Why You Should Stop Throwing Out Your Vegetable Tops

We're all about minimizing food waste and — if you're reading this — there's a good chance you are, too. According to the FDA, a whopping 30% to 40% of the entire U.S. food supply goes to food waste. "Wasted food is the single largest category of material placed in municipal landfills," it reports. "Additionally, water, energy, and labor used to produce wasted food could have been employed for other purposes."

Believe it or not, those would-be-discarded veggie tops lying on your cutting board can do a lot more heavy lifting in the kitchen than in the garbage can — Not to mention that saving food scraps is economical, as well. Perhaps you enjoyed that bulb fennel so much that you'd already like to eat it again: Regrow it. Per Food Revolution, just the remaining scraps are often enough to regrow many veggies into new plants. In fact, potatoes, onions, garlic, leeks, celery, carrots, turnips, beets, and bok choy can all be totally regrown from scraps, via Rural Sprout. Veggie scraps also make ideal additions to any thriving compost, says Treehugger – cooked or raw. But, you can do more with your veggie scraps than simply repurpose them.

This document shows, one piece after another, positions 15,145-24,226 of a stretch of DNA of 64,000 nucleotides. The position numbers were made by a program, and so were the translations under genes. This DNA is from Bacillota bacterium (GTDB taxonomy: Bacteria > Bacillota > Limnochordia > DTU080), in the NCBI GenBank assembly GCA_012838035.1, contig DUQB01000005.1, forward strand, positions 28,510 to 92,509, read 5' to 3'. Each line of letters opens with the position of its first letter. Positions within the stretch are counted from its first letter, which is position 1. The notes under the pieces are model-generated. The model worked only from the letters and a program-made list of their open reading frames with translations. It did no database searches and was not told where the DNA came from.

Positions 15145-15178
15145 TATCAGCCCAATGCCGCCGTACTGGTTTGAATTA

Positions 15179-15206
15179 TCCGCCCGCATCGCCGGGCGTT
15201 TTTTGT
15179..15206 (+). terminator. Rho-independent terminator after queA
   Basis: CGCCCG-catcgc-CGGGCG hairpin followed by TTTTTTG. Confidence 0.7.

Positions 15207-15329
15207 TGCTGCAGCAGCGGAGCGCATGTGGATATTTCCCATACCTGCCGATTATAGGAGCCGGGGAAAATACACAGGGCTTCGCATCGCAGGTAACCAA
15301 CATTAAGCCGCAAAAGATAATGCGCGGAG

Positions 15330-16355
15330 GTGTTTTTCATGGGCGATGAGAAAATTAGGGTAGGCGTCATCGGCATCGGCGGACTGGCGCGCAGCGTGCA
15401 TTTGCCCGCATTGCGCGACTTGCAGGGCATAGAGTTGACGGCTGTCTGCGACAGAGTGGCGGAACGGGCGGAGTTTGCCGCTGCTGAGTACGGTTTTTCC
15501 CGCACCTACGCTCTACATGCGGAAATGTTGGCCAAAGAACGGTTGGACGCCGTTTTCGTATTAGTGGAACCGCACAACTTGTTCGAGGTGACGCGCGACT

In fact, they can even be the star ingredient of your next dish. Here's how to give those vegetable tops new life.

Substitute veggie tops for normal produce ingredients

So, you just sliced up a bunch of Daucus carota and now you have all these carrot tops lying around. Not to worry — carrot tops have an earthy, parsley-like taste and can be blended into pesto or hummus, per Modern Harvest. Lifehacker recommends stirring those tops into soup.

Maybe you've been on a root vegetable kick, and after the music fades you find you're up to your eyeballs in leftover leafy stems. If so, rejoice. Turnip greens have a natural bitterness complemented by bacon and onions; But, they can also be used just like regular lettuce, in a salad or added to soup. When it comes to radish greens, The Kitchn compares the flavor to peppery arugula, and suggests preparing them the same way: Try wilting radish tops into pasta, sprinkling them over a salad, or even baked into a quiche. Those beet greens, says Lifehacker, can be stir-fried or used as the wrappers for cabbage rolls (via Modern Harvest).

If you're working with a less specific hodge-podge of assorted veggie tops, you have everything you need to make a knock-out stock. According to Tasty, making vegetable stock from scratch is as simple as tossing leftover veggie scraps into a pot of boiling water and letting it steep like tea.